Duke volleyball player Rachel Richardson recounted how a series of racial slurs during last week’s game at BYU turned into a national news story and reflected how she changed her life in an interview with ESPN’s Holly Rowe that aired Tuesday.
Richardson Posted a statement on Twitter on Sunday, two days after fans yelled racial insults at her during her service. “No athlete, regardless of race, should be subject to such hostile conditions,” she wrote at the time. BYU banned a fan from all sports venues on campus on Saturday, the day after the game, and said the sports department had a “zero-tolerance approach to this behaviour.”
The fan was not a student but was sitting in the student section.
Richardson told Rowe that the accidents started in the second set when she was serving. She said that it used to be that crowds would try to intimidate rival players, but it was different that night.
“I’ve heard very negative racial slurs,” Richardson said. “…So I sent the ball in, I got through to play. Then the next time I came back to serve, I heard it very clearly again, but that was the end of the game.”
She said she told her coaches about the incident between matches, and the two teams switched ends of the floor. She said she watched her coaches speak with BYU officials, who she believed acted on the incident. “We were told someone was talking to the student department and I was fine, and that was the end of it,” Richardson said. “And we played our third set on the other side of the net from them.”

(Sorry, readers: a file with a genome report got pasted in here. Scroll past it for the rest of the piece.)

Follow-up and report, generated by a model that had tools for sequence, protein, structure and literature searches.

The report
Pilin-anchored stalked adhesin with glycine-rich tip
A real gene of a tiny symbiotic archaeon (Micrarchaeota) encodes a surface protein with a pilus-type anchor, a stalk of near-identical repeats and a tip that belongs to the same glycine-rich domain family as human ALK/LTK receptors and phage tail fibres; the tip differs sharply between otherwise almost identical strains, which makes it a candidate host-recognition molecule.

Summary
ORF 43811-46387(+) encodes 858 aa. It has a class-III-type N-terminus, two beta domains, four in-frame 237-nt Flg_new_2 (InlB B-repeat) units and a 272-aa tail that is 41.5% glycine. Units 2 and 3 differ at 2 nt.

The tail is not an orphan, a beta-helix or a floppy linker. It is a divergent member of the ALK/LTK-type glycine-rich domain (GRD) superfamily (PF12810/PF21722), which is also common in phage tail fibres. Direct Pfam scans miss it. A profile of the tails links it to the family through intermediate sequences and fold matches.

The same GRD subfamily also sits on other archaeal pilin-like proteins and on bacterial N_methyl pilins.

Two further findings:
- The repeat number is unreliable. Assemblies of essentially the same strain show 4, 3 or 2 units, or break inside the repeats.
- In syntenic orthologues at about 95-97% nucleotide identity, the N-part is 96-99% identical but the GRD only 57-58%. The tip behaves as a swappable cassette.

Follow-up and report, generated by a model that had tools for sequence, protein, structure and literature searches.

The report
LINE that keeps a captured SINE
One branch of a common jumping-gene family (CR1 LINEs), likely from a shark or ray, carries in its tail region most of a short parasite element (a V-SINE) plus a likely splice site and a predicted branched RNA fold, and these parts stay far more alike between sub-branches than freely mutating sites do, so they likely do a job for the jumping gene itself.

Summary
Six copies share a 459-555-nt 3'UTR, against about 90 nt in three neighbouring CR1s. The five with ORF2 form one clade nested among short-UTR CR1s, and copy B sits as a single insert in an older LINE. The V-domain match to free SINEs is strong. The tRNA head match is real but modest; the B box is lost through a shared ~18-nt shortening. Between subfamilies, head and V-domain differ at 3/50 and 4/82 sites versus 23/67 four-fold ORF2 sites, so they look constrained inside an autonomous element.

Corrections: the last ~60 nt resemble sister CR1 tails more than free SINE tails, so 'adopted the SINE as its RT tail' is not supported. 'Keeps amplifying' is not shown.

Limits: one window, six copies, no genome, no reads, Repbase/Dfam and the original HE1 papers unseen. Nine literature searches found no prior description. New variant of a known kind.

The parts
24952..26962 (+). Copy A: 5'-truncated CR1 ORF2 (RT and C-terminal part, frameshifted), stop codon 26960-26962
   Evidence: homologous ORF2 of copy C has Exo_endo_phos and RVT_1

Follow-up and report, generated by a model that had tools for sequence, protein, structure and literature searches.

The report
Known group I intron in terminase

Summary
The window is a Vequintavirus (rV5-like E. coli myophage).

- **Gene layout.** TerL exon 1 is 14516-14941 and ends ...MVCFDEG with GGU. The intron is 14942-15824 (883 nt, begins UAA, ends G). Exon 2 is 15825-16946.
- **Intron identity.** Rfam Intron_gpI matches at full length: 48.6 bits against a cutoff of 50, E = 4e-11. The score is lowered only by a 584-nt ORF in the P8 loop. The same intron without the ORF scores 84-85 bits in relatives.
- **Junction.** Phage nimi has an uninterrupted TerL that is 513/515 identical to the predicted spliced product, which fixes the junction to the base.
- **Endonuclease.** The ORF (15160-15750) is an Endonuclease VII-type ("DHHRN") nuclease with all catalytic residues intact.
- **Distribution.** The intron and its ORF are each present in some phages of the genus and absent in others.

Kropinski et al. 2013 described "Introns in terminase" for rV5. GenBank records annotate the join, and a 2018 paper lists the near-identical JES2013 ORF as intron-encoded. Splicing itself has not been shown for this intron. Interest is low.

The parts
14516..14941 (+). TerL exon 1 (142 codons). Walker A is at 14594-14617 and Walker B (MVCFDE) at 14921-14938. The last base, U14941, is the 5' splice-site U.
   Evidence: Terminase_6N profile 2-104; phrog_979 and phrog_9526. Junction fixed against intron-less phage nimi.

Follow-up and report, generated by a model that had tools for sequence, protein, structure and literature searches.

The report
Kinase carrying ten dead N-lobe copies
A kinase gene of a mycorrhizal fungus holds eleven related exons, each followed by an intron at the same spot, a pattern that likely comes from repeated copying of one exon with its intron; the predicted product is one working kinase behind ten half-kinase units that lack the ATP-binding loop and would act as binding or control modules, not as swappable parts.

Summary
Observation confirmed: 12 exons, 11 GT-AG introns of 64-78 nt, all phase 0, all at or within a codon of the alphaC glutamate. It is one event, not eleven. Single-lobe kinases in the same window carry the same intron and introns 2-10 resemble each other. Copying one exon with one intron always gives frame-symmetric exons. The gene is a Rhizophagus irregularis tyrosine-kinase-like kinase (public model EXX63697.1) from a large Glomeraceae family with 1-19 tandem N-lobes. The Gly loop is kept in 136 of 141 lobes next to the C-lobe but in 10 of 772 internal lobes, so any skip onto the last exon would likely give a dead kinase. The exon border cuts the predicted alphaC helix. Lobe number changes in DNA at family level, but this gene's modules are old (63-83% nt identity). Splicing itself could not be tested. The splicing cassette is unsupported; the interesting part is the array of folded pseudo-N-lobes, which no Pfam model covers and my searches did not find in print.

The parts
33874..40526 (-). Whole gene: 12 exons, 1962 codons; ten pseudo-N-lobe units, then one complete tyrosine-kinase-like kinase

In the fourth, she said, “The atmosphere of the student section has changed.” Richardson described the insults and harassment from the crowd as “more extreme, more intense.” The man who was eventually banned from athletics at Brigham Young University was recording things on his phone, she said, “We felt very uncomfortable with him in particular.”
After the match in which BYU won three sets to one, Richardson returned to the team hotel. The next Blue Devils match against Ryder was moved to another location.
Richardson paid tribute to BYU athletic director Tom Holmo, who she said came to speak with her at the team hotel the next morning.
“One thing I can say is that he’s probably one of the most authentic people I’ve ever met,” she said. “I felt very much heard and felt visible during that conversation.
“I could see how sorry he was and was honestly shocked at what happened,” she said.
Richardson said Holmo told her he would address the student section “to make players feel more comfortable in general.”
Holmo later said, “I felt compelled to speak to our fans in attendance and talk about the very unfortunate incident last night. Cougar Nation, we have to be better, and we have to have the courage to take care of each other and our guests at our sporting events at BYU.”
BYU has made changes to its fan code of conduct, starting with Monday’s football match. Volleyball fans also will not sit behind an opponent on the baseline going forward.
Richardson has been in a whirlwind since the accident, and has returned to Duke to start school. I spoke to Roe after a financial stake.
“I think God puts you in places at certain times, near certain people for specific reasons,” Richardson said. “And I believe that and my teammates, for some reason, it was my name that exploded and I’m heartbroken. [believe] This is because God had a purpose behind him. The purpose was that perhaps he knew that I would be able to meet people with affection. And I don’t want BYU to be singled out or seen as a bad institution because of this one thing… that doesn’t represent the whole of BYU. “